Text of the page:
Equatorial Asymmetry of the East Pacific ITCZ: Observational Constraints on the Underlying Processes

Hirohiko Masunaga Hydrospheric Atmospheric Research Center, Nagoya University, Nagoya, Japan

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Tristan S. L’Ecuyer Department of Atmospheric Science, Colorado State University, Fort Collins, Colorado

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Abstract

The equatorial asymmetry of the east Pacific intertropical convergence zone (ITCZ) is explored on the basis of an ocean surface heat budget analysis carried out with a variety of satellite data products. The annual mean climatology of absorbed shortwave flux exhibits a pronounced meridional asymmetry due to a reduction of insolation by high clouds in the north ITCZ. Ocean mixed layer advection has the largest, if not exclusive, effect of counteracting this shortwave-exerted asymmetry. Other heat fluxes, in particular latent heat flux, predominate over the advective heat flux in magnitude but are secondary with respect to equatorial asymmetry. The asymmetry in advective heat flux stems from a warm pool off the Central American coast and, to a lesser extent, the North Equatorial Counter Current, neither of which exist in the Southern Hemisphere. The irregular continental geography presumably comes into play by generating a warm pool north of the equator and bringing cold waters to the south in the far eastern Pacific.

In addition to the annual climatology, the north–south contrast in the seasonal cycle of surface heat flux is instrumental in sustaining the north ITCZ throughout the year. The northeast Pacific is exposed to a seasonal cycle that is considerably weaker than that in the southeast Pacific, arising from multiple causes including the finite eccentricity of the earth’s orbit and meridional gradient in mixed layer absorptivity. Simple experiments generating synthetic sea surface temperature (SST) illustrate that the muted seasonal cycle of heat flux forcing moderates the SST seasonal variability in the northeast Pacific and thus allows the north ITCZ to persist year round. Existing theories on the ITCZ asymmetry are briefly examined in light of the present findings.

Corresponding author address: Hirohiko Masunaga, Hydrospheric Atmospheric Research Center, Nagoya University, F3-1(200) Furocho Chikusa-ku, Nagoya 458-0015, Japan. Email: masunaga@hyarc.nagoya-u.ac.jp

Abstract

The equatorial asymmetry of the east Pacific intertropical convergence zone (ITCZ) is explored on the basis of an ocean surface heat budget analysis carried out with a variety of satellite data products. The annual mean climatology of absorbed shortwave flux exhibits a pronounced meridional asymmetry due to a reduction of insolation by high clouds in the north ITCZ. Ocean mixed layer advection has the largest, if not exclusive, effect of counteracting this shortwave-exerted asymmetry. Other heat fluxes, in particular latent heat flux, predominate over the advective heat flux in magnitude but are secondary with respect to equatorial asymmetry. The asymmetry in advective heat flux stems from a warm pool off the Central American coast and, to a lesser extent, the North Equatorial Counter Current, neither of which exist in the Southern Hemisphere. The irregular continental geography presumably comes into play by generating a warm pool north of the equator and bringing cold waters to the south in the far eastern Pacific.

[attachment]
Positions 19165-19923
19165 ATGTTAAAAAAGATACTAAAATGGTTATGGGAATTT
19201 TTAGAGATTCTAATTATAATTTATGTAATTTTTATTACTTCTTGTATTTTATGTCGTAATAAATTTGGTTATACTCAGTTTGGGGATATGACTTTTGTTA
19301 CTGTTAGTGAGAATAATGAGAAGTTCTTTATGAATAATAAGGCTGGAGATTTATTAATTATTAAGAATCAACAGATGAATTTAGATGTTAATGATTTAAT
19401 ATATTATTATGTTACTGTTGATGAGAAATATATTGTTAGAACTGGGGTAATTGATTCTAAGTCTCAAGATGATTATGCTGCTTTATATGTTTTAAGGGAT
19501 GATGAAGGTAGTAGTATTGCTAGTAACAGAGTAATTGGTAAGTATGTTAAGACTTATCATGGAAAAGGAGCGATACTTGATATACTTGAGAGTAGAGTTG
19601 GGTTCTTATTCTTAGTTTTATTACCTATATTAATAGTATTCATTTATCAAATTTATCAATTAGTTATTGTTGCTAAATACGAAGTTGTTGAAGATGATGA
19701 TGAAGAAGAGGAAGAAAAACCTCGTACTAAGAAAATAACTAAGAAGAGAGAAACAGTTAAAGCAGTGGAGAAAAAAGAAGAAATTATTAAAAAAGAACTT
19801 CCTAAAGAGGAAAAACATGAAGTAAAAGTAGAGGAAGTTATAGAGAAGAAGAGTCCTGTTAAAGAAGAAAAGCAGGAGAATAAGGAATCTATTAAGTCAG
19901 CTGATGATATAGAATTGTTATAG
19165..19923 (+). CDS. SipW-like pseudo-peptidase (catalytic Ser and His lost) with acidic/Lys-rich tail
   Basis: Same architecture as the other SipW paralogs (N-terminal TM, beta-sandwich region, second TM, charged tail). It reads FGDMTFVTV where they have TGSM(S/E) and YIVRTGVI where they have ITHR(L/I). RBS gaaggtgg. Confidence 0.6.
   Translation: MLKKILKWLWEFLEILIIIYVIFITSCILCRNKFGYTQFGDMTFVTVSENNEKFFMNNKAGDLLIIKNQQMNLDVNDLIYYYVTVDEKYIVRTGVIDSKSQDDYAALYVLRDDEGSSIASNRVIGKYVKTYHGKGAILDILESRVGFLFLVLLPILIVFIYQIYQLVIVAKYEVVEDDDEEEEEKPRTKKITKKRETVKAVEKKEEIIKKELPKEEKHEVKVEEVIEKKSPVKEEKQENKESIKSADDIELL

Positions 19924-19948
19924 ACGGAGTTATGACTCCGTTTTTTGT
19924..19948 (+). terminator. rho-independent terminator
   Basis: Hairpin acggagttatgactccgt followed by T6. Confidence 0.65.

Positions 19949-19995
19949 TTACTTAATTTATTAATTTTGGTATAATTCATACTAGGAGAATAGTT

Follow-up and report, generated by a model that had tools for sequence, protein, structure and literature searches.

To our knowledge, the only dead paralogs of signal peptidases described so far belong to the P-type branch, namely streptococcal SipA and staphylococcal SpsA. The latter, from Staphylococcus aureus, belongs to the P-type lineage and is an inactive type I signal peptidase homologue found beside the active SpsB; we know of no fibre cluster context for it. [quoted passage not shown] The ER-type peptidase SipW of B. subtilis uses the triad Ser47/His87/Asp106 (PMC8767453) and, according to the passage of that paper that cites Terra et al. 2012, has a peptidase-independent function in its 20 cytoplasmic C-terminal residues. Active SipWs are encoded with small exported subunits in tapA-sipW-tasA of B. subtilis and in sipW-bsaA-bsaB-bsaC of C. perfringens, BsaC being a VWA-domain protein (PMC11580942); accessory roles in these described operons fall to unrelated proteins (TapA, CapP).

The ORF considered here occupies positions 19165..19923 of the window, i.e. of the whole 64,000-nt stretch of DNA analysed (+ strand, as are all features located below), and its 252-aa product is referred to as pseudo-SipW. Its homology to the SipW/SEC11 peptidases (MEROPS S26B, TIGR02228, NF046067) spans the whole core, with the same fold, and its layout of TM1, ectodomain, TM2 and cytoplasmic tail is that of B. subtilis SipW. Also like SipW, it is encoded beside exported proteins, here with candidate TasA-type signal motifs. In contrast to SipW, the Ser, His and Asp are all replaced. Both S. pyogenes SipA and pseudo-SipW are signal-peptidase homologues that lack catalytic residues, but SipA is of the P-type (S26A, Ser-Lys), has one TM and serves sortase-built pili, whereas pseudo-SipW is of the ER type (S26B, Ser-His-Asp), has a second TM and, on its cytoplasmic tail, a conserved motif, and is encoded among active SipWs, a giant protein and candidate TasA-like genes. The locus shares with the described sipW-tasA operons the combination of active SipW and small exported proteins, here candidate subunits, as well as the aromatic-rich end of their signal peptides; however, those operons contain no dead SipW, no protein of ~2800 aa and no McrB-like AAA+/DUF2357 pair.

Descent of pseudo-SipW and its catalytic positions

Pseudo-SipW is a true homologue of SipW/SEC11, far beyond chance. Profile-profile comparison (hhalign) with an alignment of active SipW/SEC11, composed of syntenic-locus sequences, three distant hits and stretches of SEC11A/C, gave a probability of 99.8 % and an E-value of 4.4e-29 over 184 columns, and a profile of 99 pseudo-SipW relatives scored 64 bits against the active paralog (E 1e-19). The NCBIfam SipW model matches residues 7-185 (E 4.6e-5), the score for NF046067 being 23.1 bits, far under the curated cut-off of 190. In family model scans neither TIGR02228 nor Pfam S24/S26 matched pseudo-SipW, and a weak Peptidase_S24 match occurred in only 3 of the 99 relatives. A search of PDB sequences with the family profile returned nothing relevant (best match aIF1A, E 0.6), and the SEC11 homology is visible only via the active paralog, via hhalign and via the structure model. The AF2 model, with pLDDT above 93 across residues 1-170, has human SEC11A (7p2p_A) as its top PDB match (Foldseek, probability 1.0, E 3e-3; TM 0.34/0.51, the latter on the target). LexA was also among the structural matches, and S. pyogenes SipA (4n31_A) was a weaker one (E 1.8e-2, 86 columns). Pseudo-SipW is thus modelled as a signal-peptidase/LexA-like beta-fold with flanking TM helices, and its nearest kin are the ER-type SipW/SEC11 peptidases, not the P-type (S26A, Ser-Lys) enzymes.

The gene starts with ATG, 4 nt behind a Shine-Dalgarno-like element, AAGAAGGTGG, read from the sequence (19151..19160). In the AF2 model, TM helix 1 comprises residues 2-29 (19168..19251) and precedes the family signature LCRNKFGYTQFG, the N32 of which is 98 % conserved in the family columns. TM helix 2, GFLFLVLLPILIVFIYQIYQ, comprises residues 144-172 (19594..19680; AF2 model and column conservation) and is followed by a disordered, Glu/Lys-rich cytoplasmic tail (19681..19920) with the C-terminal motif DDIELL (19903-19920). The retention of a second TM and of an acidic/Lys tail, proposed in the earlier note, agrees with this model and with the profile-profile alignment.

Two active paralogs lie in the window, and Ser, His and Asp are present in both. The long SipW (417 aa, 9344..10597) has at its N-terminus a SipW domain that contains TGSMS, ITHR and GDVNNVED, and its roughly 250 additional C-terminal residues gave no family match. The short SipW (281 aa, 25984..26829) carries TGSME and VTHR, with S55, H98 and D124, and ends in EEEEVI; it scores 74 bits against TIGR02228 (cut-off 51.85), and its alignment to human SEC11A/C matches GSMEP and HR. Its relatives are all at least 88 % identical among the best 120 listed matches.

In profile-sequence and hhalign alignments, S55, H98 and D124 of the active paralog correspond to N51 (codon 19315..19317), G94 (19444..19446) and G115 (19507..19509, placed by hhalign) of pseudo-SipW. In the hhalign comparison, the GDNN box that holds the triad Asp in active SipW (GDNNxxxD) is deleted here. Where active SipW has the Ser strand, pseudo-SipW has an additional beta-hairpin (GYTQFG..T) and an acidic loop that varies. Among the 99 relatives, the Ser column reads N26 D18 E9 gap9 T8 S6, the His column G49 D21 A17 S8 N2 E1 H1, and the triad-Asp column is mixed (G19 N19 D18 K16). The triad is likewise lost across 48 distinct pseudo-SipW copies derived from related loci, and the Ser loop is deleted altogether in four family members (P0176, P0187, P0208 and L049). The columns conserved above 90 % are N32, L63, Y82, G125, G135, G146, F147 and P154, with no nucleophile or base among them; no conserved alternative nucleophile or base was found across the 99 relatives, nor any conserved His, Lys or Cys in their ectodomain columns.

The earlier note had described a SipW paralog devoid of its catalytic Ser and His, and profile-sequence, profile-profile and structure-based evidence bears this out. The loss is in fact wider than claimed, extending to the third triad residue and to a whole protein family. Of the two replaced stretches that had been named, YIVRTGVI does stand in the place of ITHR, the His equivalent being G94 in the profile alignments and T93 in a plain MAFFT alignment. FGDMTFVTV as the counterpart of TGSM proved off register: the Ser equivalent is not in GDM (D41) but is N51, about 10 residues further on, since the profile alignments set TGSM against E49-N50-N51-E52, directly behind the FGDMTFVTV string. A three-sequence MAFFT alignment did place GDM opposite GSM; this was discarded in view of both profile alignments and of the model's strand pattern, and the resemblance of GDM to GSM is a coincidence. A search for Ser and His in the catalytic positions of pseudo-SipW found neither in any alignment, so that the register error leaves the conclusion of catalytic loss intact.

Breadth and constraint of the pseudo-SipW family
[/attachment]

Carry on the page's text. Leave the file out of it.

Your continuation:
In addition to the annual climatology, the north–south contrast in the seasonal cycle of surface heat flux is instrumental in sustaining the north ITCZ throughout the year. The northeast Pacific is exposed to a seasonal cycle that is considerably weaker than that in the southeast Pacific, arising from multiple causes including the finite eccentricity of the earth’s orbit and meridional gradient in mixed layer absorptivity. Simple experiments generating synthetic sea surface temperature (SST) illustrate that the muted seasonal cycle of heat flux forcing moderates the SST seasonal variability in the northeast Pacific and thus allows the north ITCZ to persist year round. Existing theories on the ITCZ asymmetry are briefly examined in light of the present findings.

Corresponding author address: Hirohiko Masunaga, Hydrospheric Atmospheric Research Center, Nagoya University, F3-1(200) Furocho Chikusa-ku, Nagoya 458-0015, Japan. Email: masunaga@hyarc.nagoya-u.ac.jp

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